Friday March 27, 9:00-10:15

CE: Birth Weight, Bilirubin, and Blood Sugar: What do the Numbers Mean for Newborn Care Jennifer Thomas, MD, MPH, IBCLC, FAAP, FABM
Blood sugar, bilirubin and birth weight are among the most common reasons babies get supplemented with something other than their mother’s own milk.  But without context, they are nothing more than random numbers flying through the air.  In this session, learn why health care professionals should avoid acting on these numbers without first learning what they mean for each baby in context of their clinical picture.

CE: Intersectional Lactation and Bringing Everybody to the Table Lourdes Santaballa, IBCLC, IYCFS, BA
The concept of intersectionality means that there are many systems of oppression and, while none should be ranked above another, they can overlap and affect our lives in different way depending who we are. La Leche League has traditionally been an organization that was created by and for dominant culture, but the knowledge that we own could greatly benefit families who are the greatest risks from not breast or chestfeeding. We will discuss systems of oppression, inclusion, who is missing at our meetings, and how to do meaningful outreach and inclusion work.

Tongue Ties:  What are they and why we should be concerned about them Piya Gandhi, DDS
In recent years, there has been an increased awareness about tethered oral tissues, specifically tongue ties.  Infants and children with tongue ties face a myriad of associated health issues that are often misdiagnosed or left untreated.  It is important that healthcare professionals know how to identify tongue ties and refer patients with potential oral restrictions.

The Importance of the Breastfeeding Relationship Tina Castellanos, AAHCC, IBCLC, RLC
Breastfeeding has become more and more technical in nature. Where has the human relationship gone? We will discuss the importance of developing a breastfeeding relationship. Ways to support other parents in developing that relationship. The science behind it and how to bring a little humanity back into this amazing act.

Friday March 27, 10:30-11:45

CE: The Impact of Prenatal Breastfeeding Support Leah Jolly, BA, IBCLC, RLC

Many families seek prenatal breastfeeding education which has been shown to improve breastfeeding outcomes. There are many factors that influence the effectiveness of prenatal education and support. In this session the presenter will review:

  • Why is prenatal breastfeeding education so important and how does it impact breastfeeding outcomes
  • What can we do beyond group classes to positively impact breastfeeding outcomes
  • Techniques to foster self-efficacy
  • The importance of screening for and education about the risk factors associated with Lactation Dysfunction.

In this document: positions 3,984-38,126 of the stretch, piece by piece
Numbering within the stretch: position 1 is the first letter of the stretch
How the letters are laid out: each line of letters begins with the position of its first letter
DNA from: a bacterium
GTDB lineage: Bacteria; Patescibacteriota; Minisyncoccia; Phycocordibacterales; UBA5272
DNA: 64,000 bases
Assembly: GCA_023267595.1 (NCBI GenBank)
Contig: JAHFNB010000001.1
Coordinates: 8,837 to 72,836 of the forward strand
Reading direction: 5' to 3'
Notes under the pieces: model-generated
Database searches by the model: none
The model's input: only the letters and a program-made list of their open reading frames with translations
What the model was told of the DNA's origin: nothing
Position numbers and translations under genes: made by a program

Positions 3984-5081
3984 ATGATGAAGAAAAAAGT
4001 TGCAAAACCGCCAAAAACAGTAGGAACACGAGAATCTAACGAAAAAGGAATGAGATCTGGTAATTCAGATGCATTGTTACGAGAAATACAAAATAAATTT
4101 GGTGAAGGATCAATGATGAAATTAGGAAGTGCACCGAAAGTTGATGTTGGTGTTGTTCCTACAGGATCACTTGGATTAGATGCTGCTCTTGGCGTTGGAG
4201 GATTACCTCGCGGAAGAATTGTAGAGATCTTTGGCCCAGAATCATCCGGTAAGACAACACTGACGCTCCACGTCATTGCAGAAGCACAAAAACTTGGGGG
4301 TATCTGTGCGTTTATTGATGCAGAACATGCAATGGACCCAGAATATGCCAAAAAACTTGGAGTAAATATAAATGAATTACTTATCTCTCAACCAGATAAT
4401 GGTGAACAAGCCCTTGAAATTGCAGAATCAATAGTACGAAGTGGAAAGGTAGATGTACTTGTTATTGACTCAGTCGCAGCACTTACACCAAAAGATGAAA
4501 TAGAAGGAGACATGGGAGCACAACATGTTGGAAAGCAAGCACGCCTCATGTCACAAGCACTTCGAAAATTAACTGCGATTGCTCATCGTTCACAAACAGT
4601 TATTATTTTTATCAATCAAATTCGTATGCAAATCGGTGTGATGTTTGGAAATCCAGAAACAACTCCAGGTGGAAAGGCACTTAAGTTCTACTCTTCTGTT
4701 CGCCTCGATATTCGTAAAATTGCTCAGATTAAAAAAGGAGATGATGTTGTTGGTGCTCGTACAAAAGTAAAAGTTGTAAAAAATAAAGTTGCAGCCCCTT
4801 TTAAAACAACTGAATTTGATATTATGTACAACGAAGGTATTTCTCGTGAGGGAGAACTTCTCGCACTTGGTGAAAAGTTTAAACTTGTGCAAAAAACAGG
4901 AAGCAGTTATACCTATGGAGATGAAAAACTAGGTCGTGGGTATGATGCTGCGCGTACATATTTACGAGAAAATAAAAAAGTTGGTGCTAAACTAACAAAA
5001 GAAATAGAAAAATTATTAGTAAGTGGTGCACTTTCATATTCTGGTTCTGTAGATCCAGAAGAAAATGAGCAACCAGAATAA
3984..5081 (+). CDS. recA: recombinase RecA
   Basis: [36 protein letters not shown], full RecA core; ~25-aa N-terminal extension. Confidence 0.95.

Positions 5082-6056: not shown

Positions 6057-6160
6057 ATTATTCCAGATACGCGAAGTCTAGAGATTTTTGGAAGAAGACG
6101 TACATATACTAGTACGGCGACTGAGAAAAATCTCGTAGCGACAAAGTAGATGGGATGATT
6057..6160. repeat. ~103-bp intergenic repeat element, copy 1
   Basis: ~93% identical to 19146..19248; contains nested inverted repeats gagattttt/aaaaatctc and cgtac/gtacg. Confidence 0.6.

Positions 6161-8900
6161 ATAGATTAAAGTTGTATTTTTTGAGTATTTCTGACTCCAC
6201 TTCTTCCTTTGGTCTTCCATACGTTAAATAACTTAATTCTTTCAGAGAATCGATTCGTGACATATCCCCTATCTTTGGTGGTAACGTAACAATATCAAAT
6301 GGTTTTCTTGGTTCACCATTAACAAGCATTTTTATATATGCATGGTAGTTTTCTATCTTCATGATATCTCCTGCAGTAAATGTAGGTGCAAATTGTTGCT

CE: Marijuana and Breastfeeding Teresa Baker, MD
Explaining the role of endocannabinoids and transport of Cannabis into breastmilk, the effects of Cannabis on a developing fetus and the pharmacokinetic aspects of marijuana

Transitioning from Partners to Parents Kim Jones, LPC, LMFT, Tori Prophet, LMFT-Associate, Lorissa Eichenberger, LMFT, PMH-C
Center for Postpartum Family Health discuss the emotional changes that partners experience as they become parents.

Avoiding Difficulties while Breastfeeding Heather Armenoff, BS, IBCLC, RLC
Breastfeeding can be such a beautiful and euphoric experience as a nursing parent looks down at their sweet baby suckling at their breast. But what happens when that tender moment turns into tender nipples?  There are many challenges parents may face throughout the course of their breastfeeding journey. Recognizing some common breastfeeding and lactation difficulties, as well as how to avoid and address them, can empower parents to feel confident in themselves to overcome some of these challenges.  This session will provide an overview on some common breastfeeding and lactation issues that parents may encounter, how to manage them and when to seek help.

Friday March 27, 12:00-2:00

CE: Lunch and Learn: Emergency Response to Families with Infants and Young Children During Disasters Lourdes Santaballa, IBCLC, IYCFS, BA
This session will focus on existing policy for response to families with infants and toddlers to preserve breast or chestfeeding, relactating, or reducing risk with human milk substitutes and complementary foods during a disaster.

Friday March 27, 2:15-3:30

CE: Working Together: Communicating with Physicians about Breastfeeding Jennifer Thomas, MD, MPH, IBCLC, FAAP, FABM
Many providers learned surprisingly little about the medical benefits of breastfeeding and the importance of helping breastfeeding mothers meet their breastfeeding goals.  Can well-intentioned but poorly-trained doctors actually derail a new mother’s breastfeeding efforts?  This session will examine how important a provider’s guidance is to new nursing mothers, especially during those difficult first weeks and months of breastfeeding.

CE: Patient Centered C-Section and Pain Control to Minimize Breastfeeding Difficulties Pamela Berens, MD, IBCLC
This lecture will review options to encourage patient engagement in cesarean delivery planning and ways to make cesarean delivery more patient and family centered. We will also review the options for postpartum pain control and how to limit adverse impact of pain control options on the breastfeeding infant while keeping mother comfortable. The metabolism of opioids will also be discussed.